Note for anyone following along here, I was getting an obnoxious error that was quite difficult to track down. The error was:
Mounting 10.0.1.1 from Data on /mnt/TimeCapsule/Data Unmounting volume Data from /mnt/TimeCapsule/Data Unknown error 1, 1.
This error is very uninformative, but I was able to use strace to find out that the problem was related to not having the
fusermount program installed. This is provided by the
fuse package, so make sure to install that.
I spent a lot of time trying to set up the connection to the service using AFP, but the daemon was crashing and I decided to switch to using CIFS, which was much easier to set up as well.
pi@retropie ~ $ sudo service samba stop pi@retropie ~ $ sudo update-rc.d samba disable # These two disable the samba sharing service. This isn't necessary, but I # am not going to use it. pi@retropie ~ $ sudo mount -v -t cifs //10.0.1.1/Data /mnt/TimeCapsule/Data -o user="Ryan Patterson",pass="REDACTED",file_mode=0644,dir_mode=0755,sec=ntlm,uid=1000,gid=1000,noserverino
I also needed to add a line to my /etc/fstab so that the share would be mounted on reboot (
\040 is how you escape a space in fstab):
//10.0.1.1/Data /mnt/TimeCapsule/Data cifs user=Ryan\040Patterson,pass=REDACTED,file_mode=0644,dir_mode=0755,sec=ntlm,uid=1000,gid=1000,noserverino 0 0
I had a collection of ROMs and wanted to get the titles / box art in EmulationStation. EmulationStation’s builtin scraper is ludicrously slow and only does 1 game at a time however, so I searched around and found a faster program that lives in the RetroPie “experimental” section, called Sselph’s Scraper. However, it has a problem where it doesn’t follow symlinks, which means that my symlinked ROMs folder isn’t scanned. The workaround is as simple as adding a trailing slash to the pathname and running the scraper manually.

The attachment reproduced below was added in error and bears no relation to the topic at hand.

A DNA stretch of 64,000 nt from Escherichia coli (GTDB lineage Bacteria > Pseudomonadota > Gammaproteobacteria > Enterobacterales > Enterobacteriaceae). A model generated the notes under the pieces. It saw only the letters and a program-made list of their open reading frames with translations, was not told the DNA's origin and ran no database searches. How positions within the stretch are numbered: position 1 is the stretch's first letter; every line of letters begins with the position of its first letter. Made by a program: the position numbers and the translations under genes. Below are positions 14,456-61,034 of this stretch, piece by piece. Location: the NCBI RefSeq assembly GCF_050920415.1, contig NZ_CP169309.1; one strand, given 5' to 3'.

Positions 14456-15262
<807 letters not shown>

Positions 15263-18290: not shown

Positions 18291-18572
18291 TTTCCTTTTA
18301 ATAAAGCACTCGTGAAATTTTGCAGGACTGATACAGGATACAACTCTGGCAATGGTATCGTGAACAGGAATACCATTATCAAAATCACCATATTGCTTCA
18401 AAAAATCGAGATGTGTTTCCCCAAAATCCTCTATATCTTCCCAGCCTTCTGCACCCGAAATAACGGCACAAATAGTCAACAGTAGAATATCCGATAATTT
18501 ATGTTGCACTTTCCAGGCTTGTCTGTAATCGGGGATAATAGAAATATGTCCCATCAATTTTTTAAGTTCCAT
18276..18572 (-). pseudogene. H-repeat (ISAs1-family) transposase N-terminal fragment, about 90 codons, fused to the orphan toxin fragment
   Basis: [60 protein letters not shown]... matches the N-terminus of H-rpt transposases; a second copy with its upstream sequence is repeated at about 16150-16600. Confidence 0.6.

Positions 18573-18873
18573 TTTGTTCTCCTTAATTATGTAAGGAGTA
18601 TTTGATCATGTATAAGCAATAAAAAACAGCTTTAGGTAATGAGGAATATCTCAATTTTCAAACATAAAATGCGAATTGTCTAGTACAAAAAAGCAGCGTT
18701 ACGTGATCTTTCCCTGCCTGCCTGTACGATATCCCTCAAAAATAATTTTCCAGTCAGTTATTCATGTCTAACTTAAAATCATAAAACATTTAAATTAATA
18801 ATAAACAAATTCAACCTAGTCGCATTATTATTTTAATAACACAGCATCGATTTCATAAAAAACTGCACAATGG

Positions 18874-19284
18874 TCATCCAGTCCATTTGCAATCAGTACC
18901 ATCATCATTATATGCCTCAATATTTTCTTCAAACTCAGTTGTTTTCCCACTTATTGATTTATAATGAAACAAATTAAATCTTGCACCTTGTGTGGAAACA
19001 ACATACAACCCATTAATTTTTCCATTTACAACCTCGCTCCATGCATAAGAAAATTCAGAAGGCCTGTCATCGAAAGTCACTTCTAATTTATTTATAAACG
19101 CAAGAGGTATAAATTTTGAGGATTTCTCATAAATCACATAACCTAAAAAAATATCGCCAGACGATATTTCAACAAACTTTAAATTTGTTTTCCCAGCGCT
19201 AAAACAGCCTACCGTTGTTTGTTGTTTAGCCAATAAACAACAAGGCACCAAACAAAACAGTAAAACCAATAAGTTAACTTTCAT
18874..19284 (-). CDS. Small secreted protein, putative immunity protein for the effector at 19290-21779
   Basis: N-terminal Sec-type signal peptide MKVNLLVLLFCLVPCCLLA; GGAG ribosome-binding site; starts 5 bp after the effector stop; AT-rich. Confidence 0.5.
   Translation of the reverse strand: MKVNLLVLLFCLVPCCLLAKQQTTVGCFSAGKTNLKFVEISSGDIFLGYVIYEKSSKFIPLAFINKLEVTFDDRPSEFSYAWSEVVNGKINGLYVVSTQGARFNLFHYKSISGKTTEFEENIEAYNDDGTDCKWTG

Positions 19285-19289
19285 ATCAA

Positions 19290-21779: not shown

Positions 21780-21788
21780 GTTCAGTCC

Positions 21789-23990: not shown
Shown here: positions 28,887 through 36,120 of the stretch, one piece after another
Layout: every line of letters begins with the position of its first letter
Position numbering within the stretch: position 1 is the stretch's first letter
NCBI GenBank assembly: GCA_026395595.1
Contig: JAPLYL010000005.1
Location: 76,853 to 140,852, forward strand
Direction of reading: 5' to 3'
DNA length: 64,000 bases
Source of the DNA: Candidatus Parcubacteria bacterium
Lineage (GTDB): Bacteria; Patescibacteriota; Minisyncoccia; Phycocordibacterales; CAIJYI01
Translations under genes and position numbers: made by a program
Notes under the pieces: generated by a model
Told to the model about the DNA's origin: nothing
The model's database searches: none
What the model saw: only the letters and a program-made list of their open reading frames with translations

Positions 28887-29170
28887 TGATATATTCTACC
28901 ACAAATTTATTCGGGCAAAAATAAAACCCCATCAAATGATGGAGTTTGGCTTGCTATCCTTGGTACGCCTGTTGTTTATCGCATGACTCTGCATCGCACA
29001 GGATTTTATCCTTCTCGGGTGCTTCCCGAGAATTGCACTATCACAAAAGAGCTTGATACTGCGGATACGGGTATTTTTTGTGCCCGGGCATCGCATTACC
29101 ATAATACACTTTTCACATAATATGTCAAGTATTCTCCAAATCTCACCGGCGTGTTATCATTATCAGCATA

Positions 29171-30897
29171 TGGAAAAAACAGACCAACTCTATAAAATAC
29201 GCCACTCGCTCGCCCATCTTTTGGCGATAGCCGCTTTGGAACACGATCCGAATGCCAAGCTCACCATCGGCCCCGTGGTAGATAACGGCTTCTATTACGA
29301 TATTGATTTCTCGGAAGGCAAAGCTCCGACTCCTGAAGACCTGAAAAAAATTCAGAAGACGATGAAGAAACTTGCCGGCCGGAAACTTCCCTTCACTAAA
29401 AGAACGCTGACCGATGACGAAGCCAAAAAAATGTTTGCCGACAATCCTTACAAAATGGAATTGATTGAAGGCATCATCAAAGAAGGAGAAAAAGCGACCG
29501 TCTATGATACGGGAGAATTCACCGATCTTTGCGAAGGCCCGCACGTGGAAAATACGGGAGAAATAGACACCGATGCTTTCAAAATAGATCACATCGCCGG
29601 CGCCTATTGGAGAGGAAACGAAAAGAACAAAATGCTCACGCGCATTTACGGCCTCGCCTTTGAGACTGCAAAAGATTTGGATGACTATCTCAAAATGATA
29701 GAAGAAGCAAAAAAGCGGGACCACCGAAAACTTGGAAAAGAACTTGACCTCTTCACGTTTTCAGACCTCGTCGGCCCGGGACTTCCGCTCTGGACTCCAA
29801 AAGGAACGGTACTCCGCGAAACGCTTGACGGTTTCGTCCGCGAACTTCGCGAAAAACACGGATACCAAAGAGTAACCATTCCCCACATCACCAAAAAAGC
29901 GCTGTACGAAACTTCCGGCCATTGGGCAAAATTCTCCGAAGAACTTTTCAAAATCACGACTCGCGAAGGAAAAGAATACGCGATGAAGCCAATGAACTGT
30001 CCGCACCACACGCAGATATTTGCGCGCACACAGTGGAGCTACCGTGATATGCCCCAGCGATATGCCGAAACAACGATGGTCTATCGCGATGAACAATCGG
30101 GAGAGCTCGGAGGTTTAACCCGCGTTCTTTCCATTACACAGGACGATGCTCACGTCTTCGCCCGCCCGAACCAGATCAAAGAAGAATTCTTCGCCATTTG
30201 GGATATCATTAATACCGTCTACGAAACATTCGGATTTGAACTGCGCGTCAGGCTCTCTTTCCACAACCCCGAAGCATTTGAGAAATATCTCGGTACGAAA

/opt/retropie/supplementary/scraper/scraper -image_dir /home/pi/.emulationstation/downloaded_images/snes -image_path /home/pi/.emulationstation/downloaded_images/snes -output_file /home/pi/.emulationstation/gamelists/snes/gamelist.xml -rom_dir /home/pi/RetroPie/roms/snes/ -workers 4 -thumb_only -skip_check
While I was working on this project, I kept a list of the things that could be better. Maybe this will give you an idea for how to improve RetroPie.
- I’d like to fix the wired XBox 360 controller blinking LED. Looks like the kernel module (xpad) does not have LED support compiled in?
- I want a power switch for the Pi so I don’t have to unplug the device to turn it off. Ideally, I’d like to find out how to get something that allows wireless xbox 360 controllers to power on the device using the button.
- The libretro GUI (rgui) is rather primitive, and doesn’t seem to be able to save configuration changes in the latest release.
- I would like to automatically restore my save state when I power on an emulator.
- I’d like to upgrade to a Raspberry Pi 2 and get N64 emulation running.
- The bootup time is pretty high. What could be shaved out to speed it up?